The President of the International Council of Museums (ICOM), Prof. Dr Hans Martin Hinz will present the German language version of ICOM’s Emergency Red List of Syrian Cultural Objects at Risk on 17 June, 2014. Thanks to the generous support of Stiftung Preußischer Kulturbesitz (SPK), Deutsches Archäologisches Institut (DAI) and ICOM Germany, the publication will be launched at the Archaeology Centre of the State Museum in Berlin, Germany, followed by discussion on the current status of Syrian cultural heritage sites and museums. The publication of this Red List in German will raise awareness among museums, auction houses, art dealers and collectors of the illicit traffic of Syrian cultural objects and help art collectors, heritage professionals and customs and police officials identify these items.
The Emergency Red List of Syrian Cultural Objects at Risk, the fruit of ICOM’s collaboration with Syrian and international experts, was created following reports of widespread damage and looting of cultural heritage in Syria. The English version of the Red List was launched by ICOM’s President and Ms. Irina Bokova, Director General of UNESCO, on 25 September, 2013 at the Metropolitan Museum of Art in New York City, US, in the context of the General Assembly of the United Nations. It was developed and presented with the generous support of the US Department of State’s Bureau of Educational and Cultural Affairs.
The categories of artefacts and antiquities outlined in the publication include writing; figural sculptures; vessels; architectural elements; accessories and instruments; stamps and cylinder seals; and tessera and coins. In total, over 10,000 printed copies are being distributed to police and customs officials around the world, as well as heritage professionals, art and antiquities dealers, and other concerned bodies.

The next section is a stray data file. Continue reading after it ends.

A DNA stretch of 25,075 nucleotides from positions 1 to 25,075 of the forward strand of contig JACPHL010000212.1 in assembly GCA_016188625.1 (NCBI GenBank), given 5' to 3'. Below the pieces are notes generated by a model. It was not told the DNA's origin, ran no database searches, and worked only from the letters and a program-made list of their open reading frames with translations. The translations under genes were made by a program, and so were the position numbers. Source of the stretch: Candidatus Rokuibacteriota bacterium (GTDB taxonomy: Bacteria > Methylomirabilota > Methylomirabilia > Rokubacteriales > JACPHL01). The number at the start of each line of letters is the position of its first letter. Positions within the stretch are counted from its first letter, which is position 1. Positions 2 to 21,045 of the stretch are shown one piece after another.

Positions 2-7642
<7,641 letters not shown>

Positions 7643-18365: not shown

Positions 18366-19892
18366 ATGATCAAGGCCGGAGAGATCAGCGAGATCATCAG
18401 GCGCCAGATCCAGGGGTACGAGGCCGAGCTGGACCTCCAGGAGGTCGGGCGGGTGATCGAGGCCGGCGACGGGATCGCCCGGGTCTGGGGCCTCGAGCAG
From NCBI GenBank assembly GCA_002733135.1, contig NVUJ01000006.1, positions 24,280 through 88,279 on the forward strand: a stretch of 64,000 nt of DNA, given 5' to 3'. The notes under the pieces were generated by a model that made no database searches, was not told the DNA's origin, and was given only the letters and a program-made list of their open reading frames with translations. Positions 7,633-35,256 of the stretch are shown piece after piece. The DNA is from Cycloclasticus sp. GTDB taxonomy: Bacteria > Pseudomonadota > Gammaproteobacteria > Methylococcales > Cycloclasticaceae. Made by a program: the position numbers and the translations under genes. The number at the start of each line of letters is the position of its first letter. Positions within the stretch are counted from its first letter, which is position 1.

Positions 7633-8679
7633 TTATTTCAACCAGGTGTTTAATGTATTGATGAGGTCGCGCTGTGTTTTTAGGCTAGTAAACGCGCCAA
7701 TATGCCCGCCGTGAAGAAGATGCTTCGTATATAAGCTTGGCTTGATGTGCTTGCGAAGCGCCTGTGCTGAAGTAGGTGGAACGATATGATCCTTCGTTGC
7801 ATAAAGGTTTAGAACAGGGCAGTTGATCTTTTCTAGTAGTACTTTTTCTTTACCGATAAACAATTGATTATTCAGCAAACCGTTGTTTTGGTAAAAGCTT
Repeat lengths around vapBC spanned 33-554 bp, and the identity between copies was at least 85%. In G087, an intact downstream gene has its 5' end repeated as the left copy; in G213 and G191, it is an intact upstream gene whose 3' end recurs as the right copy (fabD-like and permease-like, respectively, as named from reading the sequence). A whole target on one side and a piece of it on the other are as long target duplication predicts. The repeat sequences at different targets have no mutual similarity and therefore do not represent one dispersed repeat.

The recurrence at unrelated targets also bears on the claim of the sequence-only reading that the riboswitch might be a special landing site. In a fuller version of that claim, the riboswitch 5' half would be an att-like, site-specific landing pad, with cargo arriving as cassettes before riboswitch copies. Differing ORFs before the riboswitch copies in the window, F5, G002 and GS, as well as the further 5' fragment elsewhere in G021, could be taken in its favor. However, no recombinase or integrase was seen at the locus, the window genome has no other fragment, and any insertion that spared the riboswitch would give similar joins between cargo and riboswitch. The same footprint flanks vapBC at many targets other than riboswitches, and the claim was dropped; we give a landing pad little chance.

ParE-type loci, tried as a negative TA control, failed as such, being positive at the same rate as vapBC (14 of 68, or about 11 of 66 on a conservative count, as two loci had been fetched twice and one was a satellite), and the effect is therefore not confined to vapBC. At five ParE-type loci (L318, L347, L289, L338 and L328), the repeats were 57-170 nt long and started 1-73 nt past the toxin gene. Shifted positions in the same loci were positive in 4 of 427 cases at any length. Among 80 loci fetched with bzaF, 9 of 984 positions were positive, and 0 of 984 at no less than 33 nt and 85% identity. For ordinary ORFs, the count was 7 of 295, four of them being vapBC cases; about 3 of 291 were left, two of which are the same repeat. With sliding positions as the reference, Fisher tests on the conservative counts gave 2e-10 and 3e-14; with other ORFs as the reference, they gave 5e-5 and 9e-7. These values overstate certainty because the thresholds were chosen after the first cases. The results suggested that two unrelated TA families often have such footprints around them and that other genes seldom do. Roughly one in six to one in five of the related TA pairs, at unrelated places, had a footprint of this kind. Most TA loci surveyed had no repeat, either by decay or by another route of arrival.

The fight against illicit traffic in cultural goods is at the core of ICOM’s public service mission. ICOM’s actions in the field include the publication and dissemination of a wide range of practical tools. ICOM’s Red Lists support the work of law enforcement and of all those concerned with the protection and preservation of cultural heritage. Published since 2000, Red Lists assist in identifying the types and categories of cultural objects that are particularly vulnerable to illicit trafficking.
Three Red Lists are set to be released in 2014; one focusing on Libya, another on West Africa with a special emergency section on Mali, and the third will be an updated version of ICOM’s 2003 Emergency Red List of Iraqi Antiquities at Risk. ICOM has also recently launched the website of its International Observatory on Illicit Traffic in Cultural Goods, once more placing the protection of cultural heritage at the heart of its international public service programmes.